By the time you come to this phase, you generally have some or the other resentment about your partner (which is absolutely normal). It is imperative at this time to understand your real feelings about them. Do you truly respect your partner? Do you still love them? Would you wish to work through this marriage all over again? Would you wish to continue being married? Clarity in these thoughts is going to give you a certain peace and strength to make things right again, because during this phase, the one boat that gets rocked the most is your marriage. If one partner is going through this crisis, the other partner is almost always feeling at a loss because of all the sudden changes in the other one. If both the partners are experiencing this together, then it is going to take all their possible energies to not let the boat capsize. But the key here is to be patient, to not criticize, to let go and just be there.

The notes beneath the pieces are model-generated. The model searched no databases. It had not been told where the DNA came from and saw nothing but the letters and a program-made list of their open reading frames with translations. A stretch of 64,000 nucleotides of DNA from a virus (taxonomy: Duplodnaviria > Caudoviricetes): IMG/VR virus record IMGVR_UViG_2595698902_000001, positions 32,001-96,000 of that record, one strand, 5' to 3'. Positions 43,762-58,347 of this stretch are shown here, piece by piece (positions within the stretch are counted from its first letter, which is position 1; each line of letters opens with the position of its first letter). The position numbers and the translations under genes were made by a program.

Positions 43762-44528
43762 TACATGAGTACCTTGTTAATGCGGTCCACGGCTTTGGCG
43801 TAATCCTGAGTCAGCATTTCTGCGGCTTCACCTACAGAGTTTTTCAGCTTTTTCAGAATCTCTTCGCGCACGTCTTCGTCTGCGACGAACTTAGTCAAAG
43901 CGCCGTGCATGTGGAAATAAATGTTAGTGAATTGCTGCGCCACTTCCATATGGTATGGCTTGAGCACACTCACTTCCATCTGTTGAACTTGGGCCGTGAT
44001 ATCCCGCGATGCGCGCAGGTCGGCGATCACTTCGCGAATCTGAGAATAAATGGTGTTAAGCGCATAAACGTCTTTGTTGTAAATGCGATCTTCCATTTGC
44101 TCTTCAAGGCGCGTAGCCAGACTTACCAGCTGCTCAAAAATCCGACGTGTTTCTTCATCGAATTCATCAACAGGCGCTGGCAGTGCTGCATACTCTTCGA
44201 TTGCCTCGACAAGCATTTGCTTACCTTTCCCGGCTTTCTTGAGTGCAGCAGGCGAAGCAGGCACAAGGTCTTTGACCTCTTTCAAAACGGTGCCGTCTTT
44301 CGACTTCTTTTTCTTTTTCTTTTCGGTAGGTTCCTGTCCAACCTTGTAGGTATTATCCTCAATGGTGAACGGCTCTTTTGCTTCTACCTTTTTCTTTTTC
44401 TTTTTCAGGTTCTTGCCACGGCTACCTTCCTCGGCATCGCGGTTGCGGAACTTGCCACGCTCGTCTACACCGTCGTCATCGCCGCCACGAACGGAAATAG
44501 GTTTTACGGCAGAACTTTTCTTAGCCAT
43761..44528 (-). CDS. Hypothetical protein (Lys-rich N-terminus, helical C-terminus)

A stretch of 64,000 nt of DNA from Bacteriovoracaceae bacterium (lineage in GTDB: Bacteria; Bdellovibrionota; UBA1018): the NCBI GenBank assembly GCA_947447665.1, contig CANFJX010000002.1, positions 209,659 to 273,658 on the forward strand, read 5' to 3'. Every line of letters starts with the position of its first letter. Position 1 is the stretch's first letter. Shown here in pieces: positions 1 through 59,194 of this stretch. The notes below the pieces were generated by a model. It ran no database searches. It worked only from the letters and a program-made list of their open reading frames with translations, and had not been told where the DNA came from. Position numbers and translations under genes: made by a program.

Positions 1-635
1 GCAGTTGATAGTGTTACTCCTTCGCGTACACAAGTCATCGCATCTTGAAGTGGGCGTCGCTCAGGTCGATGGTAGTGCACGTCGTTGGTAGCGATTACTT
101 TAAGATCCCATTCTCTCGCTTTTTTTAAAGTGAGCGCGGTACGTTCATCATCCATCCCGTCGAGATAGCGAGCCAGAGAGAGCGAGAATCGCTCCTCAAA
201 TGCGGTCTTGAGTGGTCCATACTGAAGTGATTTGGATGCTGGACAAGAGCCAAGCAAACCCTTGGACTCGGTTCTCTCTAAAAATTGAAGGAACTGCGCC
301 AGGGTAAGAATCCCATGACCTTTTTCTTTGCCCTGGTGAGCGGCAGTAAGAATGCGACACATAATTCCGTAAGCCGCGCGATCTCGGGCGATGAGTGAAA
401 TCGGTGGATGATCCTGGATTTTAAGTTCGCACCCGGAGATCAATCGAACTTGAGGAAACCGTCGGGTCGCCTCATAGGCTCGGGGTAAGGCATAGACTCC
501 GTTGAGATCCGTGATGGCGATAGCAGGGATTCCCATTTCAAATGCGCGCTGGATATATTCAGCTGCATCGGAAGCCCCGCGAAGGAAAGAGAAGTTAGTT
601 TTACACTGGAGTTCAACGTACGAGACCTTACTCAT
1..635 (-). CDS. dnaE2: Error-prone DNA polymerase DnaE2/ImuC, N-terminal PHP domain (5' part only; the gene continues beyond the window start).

The biggest benefit for people experiencing a mid-life crisis is the loss of excessive weight and regaining back their original shapes. Unknowingly, they are setting up a perfect backdrop to ease their path into the ‘evening of life.’ It is a liberating feeling to know that there is nothing wrong with wanting to look good, for yourself and also for the other’s too. A bit of self-pampering and dressing up and harmless flirting will do you a great deal of good than harm. The key point is to know and respect your own limits. And if you are honest with yourself about point no.3, that should not be a problem.
The more you try to understand this feeling and the more you chase it, the more elusive it becomes. As long as you strive and find within yourself that perfect balance between giving-and-taking, you will find yourself content and at peace. And then, maybe, just out of the blue, you might feel that small bubble of happiness in your heart.